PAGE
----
During normal operation of the loader, paintballs dropped through its housing outlet opening form a paintball stack, within the feed tube and gun infeed elbow, that is gravity fed to the gun during firing thereof and replenished at its top end from the loader housing. Paintball jams intermittently occur within the loader housing, above its outlet housing, during firing of the gun. These jams prevent the normal gravity delivery of paintballs downwardly through the housing outlet opening, with the result that the paintball stack can be totally depleted by several shots of the gun.

In the past, clearing of such jams has required that the gun be forcibly shaken to dislodge the paintballs causing the jam within the loader housing. This, of course, is highly undesirable since it interrupts the proper aiming of the gun and, of course, correspondingly interrupts the gun user's ability to continue the rapid firing of the gun. In view of this jamming problem typically associated with paintball guns provided with conventional bulk loader devices, it is an object of the present invention to provide a bulk loader device that overcomes or at least substantially reduces this jamming problem.

SUMMARY OF THE INVENTION

In carrying out principles of the present invention, in accordance with a preferred embodiment thereof, an essentially jam free bulk loader is provided for use with a paintball gun. Representatively, the paintball gun is a semiautomatic gun having a hollow infeed portion, in the form of an infeed elbow, which is adapted to receive a supply of paintballs from a source thereof and sequentially deliver the received paintballs to the gun, to reload it, in response to firing the gun.

The bulk loader is positionable generally above the gu and comprises housing means for internally storing a quantity of paintballs, the housing means having a bottom outlet opening through which the stored paintballs may sequentially drop. Feed tube means are connected to the housing means over the bottom outlet opening thereof and extend downwardly from the outlet opening. The feed tube means ar connectable to the gun infeed portion to form therewith a paintball gravity feed passage for receiving and holding a stack of paintballs dropped through the housing means bottom outlet opening and sequentially delivering the paintballs, by gravity from the lower end of the paintball stack, to the gun in response to firing thereof.

In accordance with a key aspect of the present invention, a specially designed jam clearing system is incorporated in the overall bulk loader apparatus and includes agitator means disposed in the housing means and selectively operable to clear a paintball feed jam therein by shifting a plurality of paintballs therein positioned adjacent the bottom outlet opening in a jamming orientation preventing operative downward exit of paintballs through the bottom outlet opening into the feed tube means. Control means are provided for sensing the absence of a paintball within an upper end portion of the feed tube means, indicative of the paintball feed jam, and responsively operating the agitator means to clear the paintball jam.

The agitator means representatively comprise an agitator paddle member positioned within the housing means and rotationally drivable in a manner causing an end portion of the paddle member to sweep across an interior section of the housing means positioned directly above a radially outer portion of the housing means outlet opening. The agitator paddle member is rotationally driven, through a gear train, by a small electric motor supported on the underside of the housing means and powered by a DC battery also supported on the housing means underside. The motor and battery are connected in series in a DC electrical circuit provided with a main on/off switch operable to selectively turn the jam clearing system on and off.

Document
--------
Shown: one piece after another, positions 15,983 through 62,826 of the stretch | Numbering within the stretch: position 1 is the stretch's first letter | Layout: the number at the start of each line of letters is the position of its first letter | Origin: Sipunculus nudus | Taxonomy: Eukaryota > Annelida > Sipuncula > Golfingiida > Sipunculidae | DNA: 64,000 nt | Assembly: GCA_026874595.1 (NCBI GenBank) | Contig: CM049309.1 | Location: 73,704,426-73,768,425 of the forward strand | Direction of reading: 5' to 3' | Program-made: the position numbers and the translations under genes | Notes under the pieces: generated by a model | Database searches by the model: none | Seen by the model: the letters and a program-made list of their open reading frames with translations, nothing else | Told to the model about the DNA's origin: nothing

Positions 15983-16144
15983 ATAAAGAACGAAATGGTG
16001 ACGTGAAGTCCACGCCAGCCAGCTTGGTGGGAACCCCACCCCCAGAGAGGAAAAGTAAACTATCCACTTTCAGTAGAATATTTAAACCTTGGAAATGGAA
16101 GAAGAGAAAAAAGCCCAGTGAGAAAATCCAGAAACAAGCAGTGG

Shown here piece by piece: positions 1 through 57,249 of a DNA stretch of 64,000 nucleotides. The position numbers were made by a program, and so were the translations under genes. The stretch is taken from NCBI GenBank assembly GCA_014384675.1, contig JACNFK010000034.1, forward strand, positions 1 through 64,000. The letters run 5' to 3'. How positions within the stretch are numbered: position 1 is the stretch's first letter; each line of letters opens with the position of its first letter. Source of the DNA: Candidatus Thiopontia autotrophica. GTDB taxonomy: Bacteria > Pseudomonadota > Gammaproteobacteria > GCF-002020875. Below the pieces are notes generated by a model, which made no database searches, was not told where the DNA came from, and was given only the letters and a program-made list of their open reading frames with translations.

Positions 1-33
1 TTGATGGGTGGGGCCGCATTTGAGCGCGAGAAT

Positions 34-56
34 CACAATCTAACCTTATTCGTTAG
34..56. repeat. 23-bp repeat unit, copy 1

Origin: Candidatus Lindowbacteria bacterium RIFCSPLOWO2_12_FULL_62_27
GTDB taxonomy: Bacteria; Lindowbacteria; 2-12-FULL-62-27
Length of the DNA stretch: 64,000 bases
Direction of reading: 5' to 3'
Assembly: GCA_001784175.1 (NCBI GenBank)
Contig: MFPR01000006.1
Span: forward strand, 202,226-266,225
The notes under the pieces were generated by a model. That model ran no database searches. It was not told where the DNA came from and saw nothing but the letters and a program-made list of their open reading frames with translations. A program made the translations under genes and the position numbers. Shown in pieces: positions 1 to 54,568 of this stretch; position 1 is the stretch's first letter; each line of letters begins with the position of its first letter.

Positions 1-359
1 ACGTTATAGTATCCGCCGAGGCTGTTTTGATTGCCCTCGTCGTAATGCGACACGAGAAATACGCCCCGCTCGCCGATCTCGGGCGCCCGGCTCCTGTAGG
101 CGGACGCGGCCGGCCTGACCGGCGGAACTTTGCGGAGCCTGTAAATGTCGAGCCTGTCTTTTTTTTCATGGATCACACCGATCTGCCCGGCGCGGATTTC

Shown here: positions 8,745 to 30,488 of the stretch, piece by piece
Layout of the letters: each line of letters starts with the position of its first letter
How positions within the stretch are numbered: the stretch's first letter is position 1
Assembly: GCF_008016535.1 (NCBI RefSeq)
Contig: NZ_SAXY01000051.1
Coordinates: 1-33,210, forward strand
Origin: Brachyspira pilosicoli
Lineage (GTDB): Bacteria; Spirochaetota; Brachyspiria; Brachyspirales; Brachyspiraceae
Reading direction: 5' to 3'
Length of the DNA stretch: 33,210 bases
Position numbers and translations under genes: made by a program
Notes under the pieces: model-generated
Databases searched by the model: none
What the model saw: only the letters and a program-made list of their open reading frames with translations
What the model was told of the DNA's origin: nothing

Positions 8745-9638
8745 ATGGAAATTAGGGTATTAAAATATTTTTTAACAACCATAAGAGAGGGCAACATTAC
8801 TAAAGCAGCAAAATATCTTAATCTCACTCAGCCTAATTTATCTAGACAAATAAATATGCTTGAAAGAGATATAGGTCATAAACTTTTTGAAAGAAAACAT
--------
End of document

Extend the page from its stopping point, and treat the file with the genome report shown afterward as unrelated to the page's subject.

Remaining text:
The control means illustratively comprise an infrared position sensing switch electrically connected in series with the other components of the jam clearing system and having emitter and receiver/switch portions operatively mounted on opposite sides of an upper end portion of the feed tube means. With the main system switch closed, and a paintball disposed in the upper end portion of the feed tube means the sensing switch beam is broken by the paintball and motor-driven rotation of the agitator paddle member is precluded.

However, if a paintball jam occurs within the housing means above its bottom outlet opening during sequential firing of the gun, the downwardly moving paintball stack within the feed tube means creates a void within the upper end of the feed tube means. The sensing switch emitter beam traverses this jam-created void, operatively strikes the receiver/switch portion of the sensing means, closes the jam clearing electrical circuit, and creates a driven rotation of the agitator paddle member to clear the housing means paintball jam.

The clearing of the jam rapidly causes the paintball stack to rebuild within the feed tube means until the uppermost paintball in the stack once again blocks the sensing means emitter beam, thereby opening the jam clearing system electrical circuit and terminating the operation of the agitator paddle member until it is needed again. Accordingly, the jam clearing system automatically operates only when it is needed, and is inoperative as long as paintballs drop as intended through the housing means bottom outlet opening and maintain the feed tube means paintball stack at its full operating height therein.

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Classifications
U.S. Classification124/49, 221/200, 221/21, 124/56
International ClassificationF41B11/02, F41A9/48
Cooperative ClassificationF41B11/52, F41A9/48, F41B11/57
European ClassificationF41B11/52, F41B11/57, F41A9/48